His diagnosis of the problem is correct, but that the idea that this is a problem for liberalism rests on the presumption that liberalism could ever be bloodless or sterile. By this I mean, that it could be grounded on some pre-political consensus of what values were worthy of toleration, from which one could then derive principles that we could use to write rules for how a collection of individuals would govern themselves.

An alternative is to just abandon this whole charade (which Bright also thinks we must do) and to accept that liberals are engaged in an argument about values, and that arguments about procedures will always be grounded in arguments about interests. William Riker* understood this, and many anti-liberals do too. Liberals might own up to the fact that values like bodily autonomy are not inherent moral values for most people. And hence, liberals are engaged both in the construction of systems that protect bodily autonomy and in the cultivation of citizens who hold such values.**

Perhaps some liberals want to believe that there is a bloodlessly pre-political way of constructing a state, but no one else does. Every other theory of the state embodies some sense of either the common good or some normative claim on whose values are the correct or admissible ones. Let liberals propose a set of values too, disagree internally about what exactly they are, and defend their politics as an ongoing project with no fixed endpoint rather than as a normative ideal.***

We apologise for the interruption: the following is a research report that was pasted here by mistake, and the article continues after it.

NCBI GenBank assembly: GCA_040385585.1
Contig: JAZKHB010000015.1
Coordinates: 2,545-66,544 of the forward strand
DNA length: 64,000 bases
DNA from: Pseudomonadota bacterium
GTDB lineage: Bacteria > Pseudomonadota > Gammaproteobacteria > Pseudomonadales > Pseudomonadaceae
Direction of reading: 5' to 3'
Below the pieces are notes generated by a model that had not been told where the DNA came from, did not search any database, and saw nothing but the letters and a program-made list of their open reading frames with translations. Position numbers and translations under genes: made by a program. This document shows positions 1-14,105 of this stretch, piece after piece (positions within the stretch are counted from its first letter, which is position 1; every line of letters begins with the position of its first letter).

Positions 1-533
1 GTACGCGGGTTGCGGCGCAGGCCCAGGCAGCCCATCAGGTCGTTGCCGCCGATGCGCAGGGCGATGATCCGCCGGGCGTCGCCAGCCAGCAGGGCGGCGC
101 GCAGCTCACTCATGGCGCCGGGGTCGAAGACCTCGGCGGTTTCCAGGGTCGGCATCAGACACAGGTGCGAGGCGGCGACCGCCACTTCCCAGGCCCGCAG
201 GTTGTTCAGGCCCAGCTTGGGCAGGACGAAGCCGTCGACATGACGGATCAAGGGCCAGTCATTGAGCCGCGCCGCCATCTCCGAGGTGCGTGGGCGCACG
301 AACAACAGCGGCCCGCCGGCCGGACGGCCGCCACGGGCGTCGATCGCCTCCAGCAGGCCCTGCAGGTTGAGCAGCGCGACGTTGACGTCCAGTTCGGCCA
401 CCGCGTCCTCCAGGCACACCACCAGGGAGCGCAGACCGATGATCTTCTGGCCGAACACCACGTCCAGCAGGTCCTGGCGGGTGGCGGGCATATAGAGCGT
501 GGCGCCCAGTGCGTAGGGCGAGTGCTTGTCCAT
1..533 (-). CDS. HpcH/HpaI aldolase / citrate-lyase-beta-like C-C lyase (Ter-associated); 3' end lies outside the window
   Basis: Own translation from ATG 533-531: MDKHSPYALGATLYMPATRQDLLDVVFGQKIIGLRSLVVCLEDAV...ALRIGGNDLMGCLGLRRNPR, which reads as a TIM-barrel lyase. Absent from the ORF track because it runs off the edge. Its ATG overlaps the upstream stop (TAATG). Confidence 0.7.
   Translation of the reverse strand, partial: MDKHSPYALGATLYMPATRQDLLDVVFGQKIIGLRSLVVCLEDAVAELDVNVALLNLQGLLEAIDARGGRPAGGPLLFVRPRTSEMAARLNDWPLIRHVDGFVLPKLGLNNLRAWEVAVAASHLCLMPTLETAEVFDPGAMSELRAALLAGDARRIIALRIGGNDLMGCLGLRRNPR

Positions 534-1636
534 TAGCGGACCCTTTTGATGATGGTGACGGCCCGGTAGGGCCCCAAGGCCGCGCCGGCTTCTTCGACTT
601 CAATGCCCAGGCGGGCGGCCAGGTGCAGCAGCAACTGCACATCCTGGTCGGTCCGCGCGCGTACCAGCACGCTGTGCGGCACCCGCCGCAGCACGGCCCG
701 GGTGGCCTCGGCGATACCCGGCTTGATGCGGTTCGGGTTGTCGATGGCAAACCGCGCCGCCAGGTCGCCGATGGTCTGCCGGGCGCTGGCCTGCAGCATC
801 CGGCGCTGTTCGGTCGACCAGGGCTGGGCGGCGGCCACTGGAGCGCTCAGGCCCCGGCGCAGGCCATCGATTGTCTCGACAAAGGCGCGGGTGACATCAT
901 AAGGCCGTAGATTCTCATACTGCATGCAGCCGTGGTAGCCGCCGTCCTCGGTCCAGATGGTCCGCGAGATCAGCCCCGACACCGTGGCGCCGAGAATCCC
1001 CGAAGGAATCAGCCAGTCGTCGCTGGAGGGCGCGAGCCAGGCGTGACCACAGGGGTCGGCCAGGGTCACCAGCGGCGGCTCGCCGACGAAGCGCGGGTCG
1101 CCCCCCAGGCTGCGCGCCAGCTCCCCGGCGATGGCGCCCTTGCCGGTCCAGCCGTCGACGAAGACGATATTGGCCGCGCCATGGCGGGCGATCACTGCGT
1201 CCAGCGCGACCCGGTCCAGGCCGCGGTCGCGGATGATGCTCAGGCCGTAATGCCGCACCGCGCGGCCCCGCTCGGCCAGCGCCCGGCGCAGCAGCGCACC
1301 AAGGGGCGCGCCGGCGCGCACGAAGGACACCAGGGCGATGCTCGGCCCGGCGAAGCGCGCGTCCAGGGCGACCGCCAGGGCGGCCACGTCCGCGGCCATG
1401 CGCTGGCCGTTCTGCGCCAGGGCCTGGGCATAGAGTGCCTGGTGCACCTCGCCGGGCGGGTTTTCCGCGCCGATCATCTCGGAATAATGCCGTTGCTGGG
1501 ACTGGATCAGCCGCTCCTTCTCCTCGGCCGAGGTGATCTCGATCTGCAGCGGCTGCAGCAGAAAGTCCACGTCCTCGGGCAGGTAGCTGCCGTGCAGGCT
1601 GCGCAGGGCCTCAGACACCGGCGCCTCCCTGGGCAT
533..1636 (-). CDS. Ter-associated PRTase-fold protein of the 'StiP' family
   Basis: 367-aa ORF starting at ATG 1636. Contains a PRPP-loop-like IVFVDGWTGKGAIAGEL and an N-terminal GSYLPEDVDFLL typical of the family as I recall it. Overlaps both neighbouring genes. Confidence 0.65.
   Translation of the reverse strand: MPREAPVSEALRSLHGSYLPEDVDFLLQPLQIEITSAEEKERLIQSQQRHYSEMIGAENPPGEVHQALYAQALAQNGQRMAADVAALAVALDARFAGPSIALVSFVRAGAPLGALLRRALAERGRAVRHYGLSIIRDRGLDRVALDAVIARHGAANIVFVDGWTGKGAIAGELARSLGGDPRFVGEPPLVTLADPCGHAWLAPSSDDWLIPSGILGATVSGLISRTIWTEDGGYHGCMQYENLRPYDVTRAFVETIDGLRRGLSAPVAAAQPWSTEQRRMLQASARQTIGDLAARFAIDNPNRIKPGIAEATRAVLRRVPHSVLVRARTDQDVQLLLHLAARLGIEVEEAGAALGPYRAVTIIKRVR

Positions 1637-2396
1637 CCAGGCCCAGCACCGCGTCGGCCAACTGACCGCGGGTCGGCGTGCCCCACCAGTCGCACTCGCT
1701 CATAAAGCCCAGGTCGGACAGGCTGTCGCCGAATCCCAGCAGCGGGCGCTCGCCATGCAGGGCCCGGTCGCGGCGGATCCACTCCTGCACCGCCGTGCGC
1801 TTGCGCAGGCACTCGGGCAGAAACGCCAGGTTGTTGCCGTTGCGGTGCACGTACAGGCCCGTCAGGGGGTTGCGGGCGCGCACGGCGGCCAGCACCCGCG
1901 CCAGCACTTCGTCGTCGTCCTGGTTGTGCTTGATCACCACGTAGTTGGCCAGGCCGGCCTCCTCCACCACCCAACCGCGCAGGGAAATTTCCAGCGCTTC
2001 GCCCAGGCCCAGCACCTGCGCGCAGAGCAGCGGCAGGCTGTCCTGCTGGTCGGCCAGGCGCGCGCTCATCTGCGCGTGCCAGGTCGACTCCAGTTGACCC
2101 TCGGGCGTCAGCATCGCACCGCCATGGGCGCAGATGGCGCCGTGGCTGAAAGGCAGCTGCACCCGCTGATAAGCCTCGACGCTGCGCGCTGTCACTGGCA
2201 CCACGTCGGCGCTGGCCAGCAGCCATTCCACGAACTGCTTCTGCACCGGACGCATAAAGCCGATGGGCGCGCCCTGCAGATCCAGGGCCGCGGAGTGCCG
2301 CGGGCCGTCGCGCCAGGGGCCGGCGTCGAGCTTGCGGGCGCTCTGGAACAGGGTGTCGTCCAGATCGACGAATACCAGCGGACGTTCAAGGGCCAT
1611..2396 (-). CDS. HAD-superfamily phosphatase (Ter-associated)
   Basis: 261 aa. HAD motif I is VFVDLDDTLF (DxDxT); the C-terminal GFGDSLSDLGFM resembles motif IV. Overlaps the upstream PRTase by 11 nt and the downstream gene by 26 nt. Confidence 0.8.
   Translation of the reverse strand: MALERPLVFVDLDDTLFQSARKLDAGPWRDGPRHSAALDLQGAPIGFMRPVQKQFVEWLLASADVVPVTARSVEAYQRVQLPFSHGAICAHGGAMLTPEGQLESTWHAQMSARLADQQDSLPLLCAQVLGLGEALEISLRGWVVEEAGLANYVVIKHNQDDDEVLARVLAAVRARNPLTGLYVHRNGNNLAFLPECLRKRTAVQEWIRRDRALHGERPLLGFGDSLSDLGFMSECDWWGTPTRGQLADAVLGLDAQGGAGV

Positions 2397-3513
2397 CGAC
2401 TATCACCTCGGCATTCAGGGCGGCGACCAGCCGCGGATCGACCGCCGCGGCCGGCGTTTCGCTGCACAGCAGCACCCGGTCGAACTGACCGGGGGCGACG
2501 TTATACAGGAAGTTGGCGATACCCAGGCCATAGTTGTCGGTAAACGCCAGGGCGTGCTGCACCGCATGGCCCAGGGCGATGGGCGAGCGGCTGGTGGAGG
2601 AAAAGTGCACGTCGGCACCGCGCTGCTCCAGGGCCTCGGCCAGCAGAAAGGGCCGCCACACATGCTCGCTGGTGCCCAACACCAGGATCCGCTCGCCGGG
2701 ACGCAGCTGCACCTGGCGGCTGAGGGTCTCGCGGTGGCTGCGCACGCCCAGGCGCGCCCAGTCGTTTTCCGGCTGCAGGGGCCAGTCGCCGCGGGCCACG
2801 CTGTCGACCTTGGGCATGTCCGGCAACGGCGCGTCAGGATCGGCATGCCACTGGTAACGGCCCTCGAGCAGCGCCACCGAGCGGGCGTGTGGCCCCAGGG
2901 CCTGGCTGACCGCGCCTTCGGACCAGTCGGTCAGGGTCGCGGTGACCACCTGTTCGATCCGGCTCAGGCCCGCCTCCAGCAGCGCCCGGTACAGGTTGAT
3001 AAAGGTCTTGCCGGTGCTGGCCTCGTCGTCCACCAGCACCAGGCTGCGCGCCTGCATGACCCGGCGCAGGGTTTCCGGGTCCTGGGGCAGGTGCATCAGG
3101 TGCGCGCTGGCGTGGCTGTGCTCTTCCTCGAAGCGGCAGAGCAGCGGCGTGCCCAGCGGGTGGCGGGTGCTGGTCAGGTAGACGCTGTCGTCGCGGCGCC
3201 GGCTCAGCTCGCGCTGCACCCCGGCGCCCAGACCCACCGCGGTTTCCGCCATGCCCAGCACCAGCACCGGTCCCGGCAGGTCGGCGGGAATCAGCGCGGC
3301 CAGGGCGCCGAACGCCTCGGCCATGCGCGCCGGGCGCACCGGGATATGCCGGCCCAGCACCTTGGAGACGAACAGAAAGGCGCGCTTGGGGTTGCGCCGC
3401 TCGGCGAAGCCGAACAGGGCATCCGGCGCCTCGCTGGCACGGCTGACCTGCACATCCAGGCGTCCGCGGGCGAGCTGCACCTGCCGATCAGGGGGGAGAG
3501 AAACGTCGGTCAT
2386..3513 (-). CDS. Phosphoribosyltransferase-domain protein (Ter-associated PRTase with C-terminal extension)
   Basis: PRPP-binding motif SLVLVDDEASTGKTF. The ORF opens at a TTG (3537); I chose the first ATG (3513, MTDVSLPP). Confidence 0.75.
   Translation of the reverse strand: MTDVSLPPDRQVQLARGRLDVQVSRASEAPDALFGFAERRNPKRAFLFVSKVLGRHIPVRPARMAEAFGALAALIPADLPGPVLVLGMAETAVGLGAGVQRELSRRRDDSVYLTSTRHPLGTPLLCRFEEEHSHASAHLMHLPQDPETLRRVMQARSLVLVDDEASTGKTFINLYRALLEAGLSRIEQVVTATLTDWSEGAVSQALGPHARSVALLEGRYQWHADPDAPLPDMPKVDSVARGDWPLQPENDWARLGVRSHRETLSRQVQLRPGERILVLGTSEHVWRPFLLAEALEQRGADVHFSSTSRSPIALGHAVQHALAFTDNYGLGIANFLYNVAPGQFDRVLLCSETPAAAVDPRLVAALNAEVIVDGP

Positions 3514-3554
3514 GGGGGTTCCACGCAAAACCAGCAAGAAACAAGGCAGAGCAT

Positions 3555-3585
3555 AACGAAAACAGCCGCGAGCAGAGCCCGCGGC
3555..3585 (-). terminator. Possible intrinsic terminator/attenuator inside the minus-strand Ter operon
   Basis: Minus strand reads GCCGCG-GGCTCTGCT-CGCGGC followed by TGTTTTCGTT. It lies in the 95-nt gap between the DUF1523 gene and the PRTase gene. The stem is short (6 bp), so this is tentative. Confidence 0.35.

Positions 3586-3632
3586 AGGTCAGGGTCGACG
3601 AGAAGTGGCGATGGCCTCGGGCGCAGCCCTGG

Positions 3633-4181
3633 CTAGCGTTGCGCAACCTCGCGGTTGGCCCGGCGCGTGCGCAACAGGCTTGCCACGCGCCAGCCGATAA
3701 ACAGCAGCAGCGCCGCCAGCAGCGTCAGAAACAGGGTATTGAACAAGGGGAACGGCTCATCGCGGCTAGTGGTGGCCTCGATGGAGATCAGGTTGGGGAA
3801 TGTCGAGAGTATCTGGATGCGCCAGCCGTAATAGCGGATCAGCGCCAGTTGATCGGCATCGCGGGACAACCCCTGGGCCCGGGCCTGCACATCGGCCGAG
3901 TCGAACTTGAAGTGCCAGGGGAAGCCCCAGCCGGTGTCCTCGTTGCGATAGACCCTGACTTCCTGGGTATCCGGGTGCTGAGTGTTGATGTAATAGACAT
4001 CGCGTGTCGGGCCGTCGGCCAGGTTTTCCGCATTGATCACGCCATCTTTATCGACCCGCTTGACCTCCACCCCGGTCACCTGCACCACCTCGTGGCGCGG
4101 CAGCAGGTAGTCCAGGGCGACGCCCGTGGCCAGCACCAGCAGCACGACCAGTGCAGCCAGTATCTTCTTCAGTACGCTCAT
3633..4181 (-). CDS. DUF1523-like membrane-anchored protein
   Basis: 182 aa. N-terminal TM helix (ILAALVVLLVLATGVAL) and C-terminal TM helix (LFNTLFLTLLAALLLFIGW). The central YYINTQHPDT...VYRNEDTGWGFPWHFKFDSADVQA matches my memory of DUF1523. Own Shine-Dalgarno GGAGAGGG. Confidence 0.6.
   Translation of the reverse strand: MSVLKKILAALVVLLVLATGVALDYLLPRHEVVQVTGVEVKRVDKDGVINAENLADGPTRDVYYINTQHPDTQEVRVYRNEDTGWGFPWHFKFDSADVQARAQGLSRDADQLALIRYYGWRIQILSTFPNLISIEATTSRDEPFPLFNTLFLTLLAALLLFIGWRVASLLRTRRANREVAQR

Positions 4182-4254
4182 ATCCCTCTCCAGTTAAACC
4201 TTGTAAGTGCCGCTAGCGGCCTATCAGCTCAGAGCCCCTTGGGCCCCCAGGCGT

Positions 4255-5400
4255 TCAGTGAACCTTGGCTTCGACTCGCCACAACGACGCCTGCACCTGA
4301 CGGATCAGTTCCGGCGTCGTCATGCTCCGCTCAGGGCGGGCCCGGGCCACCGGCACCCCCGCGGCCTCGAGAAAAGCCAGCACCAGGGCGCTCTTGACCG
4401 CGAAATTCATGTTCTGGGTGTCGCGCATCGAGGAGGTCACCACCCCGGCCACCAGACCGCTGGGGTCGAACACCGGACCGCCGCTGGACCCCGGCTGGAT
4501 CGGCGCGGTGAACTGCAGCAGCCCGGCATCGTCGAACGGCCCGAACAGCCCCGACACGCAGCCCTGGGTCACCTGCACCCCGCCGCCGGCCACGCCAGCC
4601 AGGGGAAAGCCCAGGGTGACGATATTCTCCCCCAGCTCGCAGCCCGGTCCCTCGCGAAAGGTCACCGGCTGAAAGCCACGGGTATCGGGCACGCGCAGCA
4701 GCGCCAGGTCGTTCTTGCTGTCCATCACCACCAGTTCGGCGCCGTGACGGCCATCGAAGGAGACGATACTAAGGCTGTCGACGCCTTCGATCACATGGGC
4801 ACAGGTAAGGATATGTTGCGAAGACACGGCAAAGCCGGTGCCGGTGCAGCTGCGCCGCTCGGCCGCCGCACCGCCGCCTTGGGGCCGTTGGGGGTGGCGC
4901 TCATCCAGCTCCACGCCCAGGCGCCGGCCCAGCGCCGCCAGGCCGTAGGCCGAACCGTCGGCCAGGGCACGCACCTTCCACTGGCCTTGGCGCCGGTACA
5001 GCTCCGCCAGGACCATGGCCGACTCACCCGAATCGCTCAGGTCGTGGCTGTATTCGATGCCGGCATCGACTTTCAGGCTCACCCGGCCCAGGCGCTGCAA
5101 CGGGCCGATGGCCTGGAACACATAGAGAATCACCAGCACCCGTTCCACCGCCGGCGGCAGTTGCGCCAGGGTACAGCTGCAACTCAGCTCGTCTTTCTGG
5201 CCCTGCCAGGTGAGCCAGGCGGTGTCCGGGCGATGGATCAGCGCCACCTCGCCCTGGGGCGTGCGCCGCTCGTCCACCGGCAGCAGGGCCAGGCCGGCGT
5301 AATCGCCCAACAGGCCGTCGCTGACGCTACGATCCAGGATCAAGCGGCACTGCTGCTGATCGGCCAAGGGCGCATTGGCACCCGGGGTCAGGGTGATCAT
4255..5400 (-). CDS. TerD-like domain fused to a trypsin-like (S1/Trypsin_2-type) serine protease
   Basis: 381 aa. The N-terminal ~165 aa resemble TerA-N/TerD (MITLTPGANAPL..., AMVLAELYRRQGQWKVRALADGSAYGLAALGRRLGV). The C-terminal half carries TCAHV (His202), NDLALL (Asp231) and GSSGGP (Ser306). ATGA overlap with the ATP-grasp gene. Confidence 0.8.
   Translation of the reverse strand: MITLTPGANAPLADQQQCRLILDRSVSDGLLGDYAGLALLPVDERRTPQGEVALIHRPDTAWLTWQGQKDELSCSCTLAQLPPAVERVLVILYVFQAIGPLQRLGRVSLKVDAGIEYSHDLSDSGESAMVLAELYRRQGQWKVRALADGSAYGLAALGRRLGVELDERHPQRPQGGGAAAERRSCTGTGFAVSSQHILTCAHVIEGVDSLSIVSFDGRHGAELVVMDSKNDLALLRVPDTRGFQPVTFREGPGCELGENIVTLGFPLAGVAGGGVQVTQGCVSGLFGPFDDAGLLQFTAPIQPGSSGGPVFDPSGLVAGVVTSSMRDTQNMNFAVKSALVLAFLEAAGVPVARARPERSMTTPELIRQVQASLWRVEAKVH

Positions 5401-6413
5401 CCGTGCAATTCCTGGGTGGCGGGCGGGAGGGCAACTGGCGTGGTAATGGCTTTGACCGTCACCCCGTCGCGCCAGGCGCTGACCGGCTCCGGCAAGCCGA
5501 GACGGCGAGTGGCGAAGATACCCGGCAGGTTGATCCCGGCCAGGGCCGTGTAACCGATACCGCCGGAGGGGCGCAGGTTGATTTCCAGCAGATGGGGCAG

There two loose ends here, however. One is that an argument against liberalism does not provide much guidance on what ought to replace it. Writes Bright,

We cannot have a neutral public sphere and nor would the greater good just so happen to coincide with what liberals say the neutral public sphere looks like. 

Point taken. But I cannot imagine what kind of human organization would give us a better foundation for society than the perspective that we ought not assume that we can know what anyone else wants. This is kind of like the ur-fact about human collectives, and embracing that has been tremendously beneficial to a lot of people.

The second loose end is liberalism as a theory (normative or otherwise) of world politics. Embedded liberalism, as Sara Goodman and I recently argued, had exclusionary foundations. The history of liberalism as a global political project has been terribly disappointing for most people (although comfortable if you happen to be an American). These are facts. I still don’t yet know if I understand their implications for liberalism as a normative theory of politics in any one country.

NOTES

* Political scientist, not Starship first officer.

** I maintain that this is consistent with Bright’s endorsement of liberalism’s “nominalist vibe,” which I also share.

*** This is where I think a “punch-throwing liberalism” offers a response to Bright’s second and third objections.